China turns to private insurers to help unlock US$15.3 trillion of savings and avert a crisis in state pension system

·5-min read

This is the 11th in a series of stories about China’s once-a-decade census, which was conducted in 2020. The world’s most populous nation released its national demographic data on May 11, and the figures will have far-reaching social policy and economic implications.

Some of China’s biggest insurers are relishing the opportunity to unlock US$15.3 trillion of private savings, the size of the world’s second-largest economy, as authorities pushed for private retirement products to help ease the burden on state pension system.

The China Banking and Insurance Regulatory Commission (CBIRC) on Saturday announced a pilot programme to foster endowment plans offering stable returns over 10 years post retirement, making it part of the third pillar in China’s pension system, on top of state-run schemes and corporate annuities.

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The one-year trial will take place from June 1 in the eastern province of Zhejiang and the city of Chongqing, according to the CBIRC statement. Six companies will participate in the programme, namely China Life Insurance, People’s Life Insurance, Taiping Life Insurance, China Pacific Life Insurance, Taikang Life Insurance and Xinhua Life Insurance.

Chinese households held 98.5 trillion yuan (US$15.3 trillion) in local bank deposits, compared with the nation’s gross domestic product of 100 trillion yuan in 2020. The cash is parked “mostly in short-term products without pension characteristics,” Xiao Yuanqi, vice-chairman of the CBIRC, said at a forum last month.

People aged 60 or above accounted for 18.7 per cent of the nation’s population, according to a once-a-decade census published on May 13. That is an increase from 13.3 per cent in the 2010 census as the working- age population, those from 15 to 59 years, shrank by 5 per cent.

China’s elderly population could reach 300 million by the end of 2025, and that the shortfall in the state pension pot could hit 10 trillion yuan in a decade, the Insurance Association of China said in November last year. A 2019 projection by the Chinese Academy of Sciences shows the pot would run out of money by 2035.

The pilot insurance scheme in Zhejiang and Chongqing is adding urgency to efforts to promote private plans since 2018 to help alleviate the pressure on the state. This could also draw more attention from foreign insurers looking to join or challenge AIA Group and local players in tapping the underinsured market.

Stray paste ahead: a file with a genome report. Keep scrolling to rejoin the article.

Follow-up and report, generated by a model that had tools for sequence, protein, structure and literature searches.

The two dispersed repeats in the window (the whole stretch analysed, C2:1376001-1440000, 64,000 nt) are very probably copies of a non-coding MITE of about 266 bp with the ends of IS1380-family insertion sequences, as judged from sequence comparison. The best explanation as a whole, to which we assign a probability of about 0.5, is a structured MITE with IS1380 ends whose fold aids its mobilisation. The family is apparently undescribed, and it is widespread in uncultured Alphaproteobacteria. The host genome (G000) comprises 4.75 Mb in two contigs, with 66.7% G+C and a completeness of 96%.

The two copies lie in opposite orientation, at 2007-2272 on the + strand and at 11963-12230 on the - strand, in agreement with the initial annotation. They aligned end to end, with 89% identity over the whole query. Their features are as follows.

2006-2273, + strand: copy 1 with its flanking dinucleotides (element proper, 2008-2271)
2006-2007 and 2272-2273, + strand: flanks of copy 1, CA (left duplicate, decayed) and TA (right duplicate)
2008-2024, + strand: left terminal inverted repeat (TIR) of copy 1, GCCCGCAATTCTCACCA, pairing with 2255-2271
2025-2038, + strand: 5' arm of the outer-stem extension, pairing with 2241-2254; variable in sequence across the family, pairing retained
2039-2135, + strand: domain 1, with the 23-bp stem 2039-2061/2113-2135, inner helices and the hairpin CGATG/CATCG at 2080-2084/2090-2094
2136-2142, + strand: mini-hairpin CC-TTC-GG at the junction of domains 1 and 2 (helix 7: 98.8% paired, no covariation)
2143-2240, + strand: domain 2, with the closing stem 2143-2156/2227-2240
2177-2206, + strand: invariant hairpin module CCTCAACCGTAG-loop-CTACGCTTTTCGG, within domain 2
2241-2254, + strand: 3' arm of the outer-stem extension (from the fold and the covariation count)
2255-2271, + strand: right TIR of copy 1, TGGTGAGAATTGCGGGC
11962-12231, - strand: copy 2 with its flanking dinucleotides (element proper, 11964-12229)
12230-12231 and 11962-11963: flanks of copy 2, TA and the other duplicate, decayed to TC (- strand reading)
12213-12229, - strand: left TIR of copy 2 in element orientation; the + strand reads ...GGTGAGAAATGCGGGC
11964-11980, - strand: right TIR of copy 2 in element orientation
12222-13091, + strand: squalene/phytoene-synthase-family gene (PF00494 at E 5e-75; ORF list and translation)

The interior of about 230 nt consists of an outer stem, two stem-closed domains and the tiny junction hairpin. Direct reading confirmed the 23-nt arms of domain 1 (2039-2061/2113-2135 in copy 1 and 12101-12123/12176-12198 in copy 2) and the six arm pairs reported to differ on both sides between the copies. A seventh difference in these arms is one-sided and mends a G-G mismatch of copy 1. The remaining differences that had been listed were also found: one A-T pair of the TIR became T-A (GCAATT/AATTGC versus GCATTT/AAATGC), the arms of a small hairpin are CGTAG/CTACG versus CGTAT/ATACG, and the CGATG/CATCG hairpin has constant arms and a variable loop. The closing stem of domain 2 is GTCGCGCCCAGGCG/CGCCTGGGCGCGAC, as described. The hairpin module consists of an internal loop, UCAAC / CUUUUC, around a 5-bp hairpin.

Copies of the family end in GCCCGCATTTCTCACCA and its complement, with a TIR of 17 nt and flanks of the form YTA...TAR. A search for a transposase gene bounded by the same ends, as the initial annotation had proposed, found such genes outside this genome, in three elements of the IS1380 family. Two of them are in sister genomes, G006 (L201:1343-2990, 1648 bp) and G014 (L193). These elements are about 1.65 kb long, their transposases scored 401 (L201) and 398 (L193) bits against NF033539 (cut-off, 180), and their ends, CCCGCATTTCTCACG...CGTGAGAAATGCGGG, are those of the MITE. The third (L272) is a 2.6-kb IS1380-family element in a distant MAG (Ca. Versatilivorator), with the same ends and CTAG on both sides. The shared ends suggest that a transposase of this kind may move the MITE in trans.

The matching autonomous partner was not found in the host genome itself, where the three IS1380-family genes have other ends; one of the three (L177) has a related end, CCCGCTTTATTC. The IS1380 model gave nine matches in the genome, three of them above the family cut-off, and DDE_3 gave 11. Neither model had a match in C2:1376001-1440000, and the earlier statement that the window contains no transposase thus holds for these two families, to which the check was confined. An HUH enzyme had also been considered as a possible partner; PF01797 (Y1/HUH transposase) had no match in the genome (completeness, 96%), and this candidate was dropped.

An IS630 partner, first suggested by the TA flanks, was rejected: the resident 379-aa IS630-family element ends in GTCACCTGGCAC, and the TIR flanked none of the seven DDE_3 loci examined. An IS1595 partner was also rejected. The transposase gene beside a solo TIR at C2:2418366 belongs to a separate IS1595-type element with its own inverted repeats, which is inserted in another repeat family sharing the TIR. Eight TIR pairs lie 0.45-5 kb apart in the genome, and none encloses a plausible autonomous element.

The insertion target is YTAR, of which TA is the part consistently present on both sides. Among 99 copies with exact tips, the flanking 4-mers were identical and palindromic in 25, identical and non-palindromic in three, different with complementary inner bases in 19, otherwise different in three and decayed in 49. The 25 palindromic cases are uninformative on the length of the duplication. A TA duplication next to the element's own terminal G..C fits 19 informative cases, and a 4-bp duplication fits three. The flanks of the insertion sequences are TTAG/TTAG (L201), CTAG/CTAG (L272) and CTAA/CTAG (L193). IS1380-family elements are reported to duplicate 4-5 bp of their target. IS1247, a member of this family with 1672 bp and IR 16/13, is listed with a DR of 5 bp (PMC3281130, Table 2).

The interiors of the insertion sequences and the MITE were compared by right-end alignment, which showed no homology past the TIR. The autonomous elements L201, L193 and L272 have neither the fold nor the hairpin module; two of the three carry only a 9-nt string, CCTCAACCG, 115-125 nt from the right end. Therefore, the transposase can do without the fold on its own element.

The key to success lies in the design of more differentiated saving products and developing occupational pension plans - also known as the “second pillar” in local industry parlance - that offer employees a choice to “opt-out” of participation, according to Mercer.

When an employee joins a company, he or she is automatically enrolled to an annuity programme unless he or she opts out of it within a fixed period of time, said Janet Li, Asia wealth business leader at Mercer based in Hong Kong. Such contribution by China‘s private sector employers and employees is still voluntary.

“Companies can offer occupational retirement plans on a voluntary basis, but providing employees with the option to ‘opt-out’ of making monthly contributions,” said Li. Such an “opt-out” design, like the Kiwisaver in New Zealand, has resulted in a high percentage of employees covered by work-based schemes, she added.

HSBC, the biggest bank in Hong Kong and Europe, currently offers a range of retirement savings and annuity products at its branches in mainland China and through the wealth planning salesforce of its insurance unit.

“As the population continues to age, we expect demand for these products to also grow,” said Edward Moncreiffe, chief executive of the Hong Kong office of HSBC Life.

Hong Kong’s insurance industry has also been supporting the financial needs stemming from China’s ageing population, with years of experience in underwriting medical and retirement products, according to Moses Cheng Mo-chi, chairman of Hong Kong Insurance Authority.

Mainland visitors to Hong Kong have been buying insurance policies for medical coverage and other long-term protection among others, Cheng added. At its peak in 2016, they amounted to HK$72.68 billion (US$9.37 billion) or 39 per cent of all premiums collected in the city.

Those purchases, however, have slumped by 84 per cent to only HK$6.8 billion in the first quarter from a year earlier. Months of social unrest, followed by border closures caused by the Covid-19 pandemic, have reduced those cross-border visits to a trickle.

Because of capital controls, mainland citizens are not allowed to exchange or withdraw foreign currencies in China for the purpose of investing in securities or buying insurance policies offshore.

While they are not allowed to freely channel their onshore yuan savings into retirement plans offered by offshore service providers, they can buy such products in person in Hong Kong using their money parked in the city. A cross-border investment channel could help grease those purchases.

“The Insurance Authority is in talks with the mainland authority about Insurance Connect in the Greater Bay Area, to provide after-sale services and cross border sales in the longer term,” Cheng added.

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